The European Parliament has recently voted upon the now infamous proposed Copyright Law Directive, intended to overhaul current EU copyright laws. The proposal for this Directive is based on article 114 of the Treaty on the Functioning of the European Union (TFEU), which article allows the EU to adopt measures on the establishment and functioning of the internal market.
The proposed reform was sent back to the drawing board after being rejected by a vote taken by Members of the European Parliament. The most controversial articles of the proposed Directive were article 11 and 13. Article 11 outlines the protection of press publications concerning digital uses, while Article 13 addresses uses of protected content by online services.
The aforementioned controversy emerged after many campaigned to ‘#savetheinternet’, with the likes of Facebook, Google and a handful of other internet activists speaking against the proposed Directive. On the other hand, the proposed law received backing from major media outlets and creators of creative content, such as members of the music industry, who have pushed forward for the adoption of the Directive. The narrative varied on both sides with the bloc opposing the Directive stating that the blanket provisions emerging from the proposed Directive would mean that censorship levels of material posted online would increase. On the other hand, those supporting the Directive argued that persons creating creative content would be fairly paid in royalties when their work is utilised for commercial purposes.
What did the proposed Directive say?
This proviso, which has been termed as the link tax article, is divided into four sections. The initial proviso confers publishers of press publications the rights emerging from Directive 2001/29/EC. This Directive titled, harmonisation of certain aspects of copyright and related rights in the information society, gives publishers the exclusive right to authorise or prohibit direct or indirect, temporary or permanent reproduction by any means and in any form of their work.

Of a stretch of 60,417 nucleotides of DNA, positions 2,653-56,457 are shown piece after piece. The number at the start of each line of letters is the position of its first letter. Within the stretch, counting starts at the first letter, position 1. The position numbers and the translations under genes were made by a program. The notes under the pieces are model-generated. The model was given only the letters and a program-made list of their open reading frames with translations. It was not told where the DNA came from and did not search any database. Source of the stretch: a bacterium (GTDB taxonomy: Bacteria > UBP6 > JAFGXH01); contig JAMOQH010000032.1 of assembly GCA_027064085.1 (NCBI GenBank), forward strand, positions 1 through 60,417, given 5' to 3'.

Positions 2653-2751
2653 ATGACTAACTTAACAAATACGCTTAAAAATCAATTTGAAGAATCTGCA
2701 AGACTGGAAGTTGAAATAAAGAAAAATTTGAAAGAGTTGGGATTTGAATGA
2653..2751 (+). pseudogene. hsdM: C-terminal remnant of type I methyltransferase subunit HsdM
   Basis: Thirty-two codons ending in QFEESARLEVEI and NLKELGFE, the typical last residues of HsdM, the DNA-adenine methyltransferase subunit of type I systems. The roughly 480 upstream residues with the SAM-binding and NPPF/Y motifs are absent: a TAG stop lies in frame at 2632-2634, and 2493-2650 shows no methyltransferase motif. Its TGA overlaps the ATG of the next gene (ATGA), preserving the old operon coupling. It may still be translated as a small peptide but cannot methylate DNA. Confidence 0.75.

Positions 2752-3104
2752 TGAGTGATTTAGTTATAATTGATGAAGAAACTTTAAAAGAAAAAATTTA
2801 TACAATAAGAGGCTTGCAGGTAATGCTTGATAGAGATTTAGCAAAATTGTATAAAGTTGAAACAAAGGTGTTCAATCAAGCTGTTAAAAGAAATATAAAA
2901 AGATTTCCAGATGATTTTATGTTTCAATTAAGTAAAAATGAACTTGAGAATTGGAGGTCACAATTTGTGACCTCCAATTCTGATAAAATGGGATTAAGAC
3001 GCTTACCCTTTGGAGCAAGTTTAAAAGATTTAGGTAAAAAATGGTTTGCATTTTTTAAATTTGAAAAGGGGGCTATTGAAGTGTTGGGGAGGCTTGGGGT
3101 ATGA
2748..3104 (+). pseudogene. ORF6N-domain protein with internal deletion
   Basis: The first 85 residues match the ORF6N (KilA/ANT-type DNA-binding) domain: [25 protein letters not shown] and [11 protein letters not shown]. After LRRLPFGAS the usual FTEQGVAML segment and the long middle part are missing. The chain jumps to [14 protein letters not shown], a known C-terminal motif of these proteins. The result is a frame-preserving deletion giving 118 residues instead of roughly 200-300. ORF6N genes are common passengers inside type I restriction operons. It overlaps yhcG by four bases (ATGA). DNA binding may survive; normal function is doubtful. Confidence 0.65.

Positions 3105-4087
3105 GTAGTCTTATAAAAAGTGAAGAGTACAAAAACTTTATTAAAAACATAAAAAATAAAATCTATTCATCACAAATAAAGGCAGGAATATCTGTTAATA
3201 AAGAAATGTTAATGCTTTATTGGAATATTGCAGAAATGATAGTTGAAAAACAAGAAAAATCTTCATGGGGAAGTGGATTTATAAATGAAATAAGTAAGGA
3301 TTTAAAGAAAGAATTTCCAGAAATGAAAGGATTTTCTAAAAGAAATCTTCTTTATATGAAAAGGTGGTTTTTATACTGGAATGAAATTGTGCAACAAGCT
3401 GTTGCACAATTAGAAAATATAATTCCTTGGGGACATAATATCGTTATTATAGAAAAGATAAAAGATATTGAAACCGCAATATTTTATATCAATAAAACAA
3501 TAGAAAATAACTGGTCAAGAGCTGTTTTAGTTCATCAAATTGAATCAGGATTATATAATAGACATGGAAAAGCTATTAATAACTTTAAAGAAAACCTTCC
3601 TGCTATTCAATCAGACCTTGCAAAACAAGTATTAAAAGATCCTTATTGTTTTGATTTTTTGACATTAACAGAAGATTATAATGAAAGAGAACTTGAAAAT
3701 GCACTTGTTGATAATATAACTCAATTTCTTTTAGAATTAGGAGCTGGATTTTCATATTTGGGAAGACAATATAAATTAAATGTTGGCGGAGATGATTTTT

Moreover, publishers are given the exclusive right to prohibit or authorise communication to the public of their work, in such a way that the public can access the mentioned work at any time and at any place. A preliminary ruling of the EU’S Court of Justice, in Stichting Brein v Ziggo BV and XS4ALL Internet BV Case (C-610/15), interpreted communication to the public as, “the making available and management, on the internet, of a sharing platform which, by means of indexation of metadata relating to protected works and the provision of a search engine, allows users of that platform to locate those works and to share them in the context of a peer-to-peer network.”
The second proviso under Article 11 of the proposed copyright Directive continues to state that rights conferred to authors and to right holders in the formerly discussed proviso, do not impinge on other rights that authors and right holders have in relation to works incorporated in a press publication; such as the right to exploit works independently from the press publication in which they were published.
Certain exceptions and limitations are also adopted from the 2001/29/EC Directive, for instance, judicial remedies are given to content creators. Certain provisos emerging from the 2012/28/EU directive titled on certain permitted uses of orphan works, were also proposed in the new Directive.
This article addresses the use of protected content by information society service providers storing and giving access to large amounts of works and other subject-matter uploaded by their users.
Through the proposed Directive, information society providers such as Google and YouTube would be obliged to take measures whereby effective content recognition technology is used, appropriately and proportionately. Such a proviso has been criticised on the basis that ultimately such a measure would allow for the deletion of information or material if a certain likeness is found to existing copyrighted material.
Moreover, internet society providers must put in place a mechanism of redress to address any disputes that may arise over the measures put in place, which mechanism shall be available to users. The Directive also provides that Member States may facilitate a cooperative setting between stakeholders and right holders to define best practices.
The Directive will have to pass through a further legislative process and will be presented in September’s plenary of the European Parliament for further consideration.
Disclaimer: This article is not intended to impart legal advice and readers are asked to seek verification of statements made before acting on them.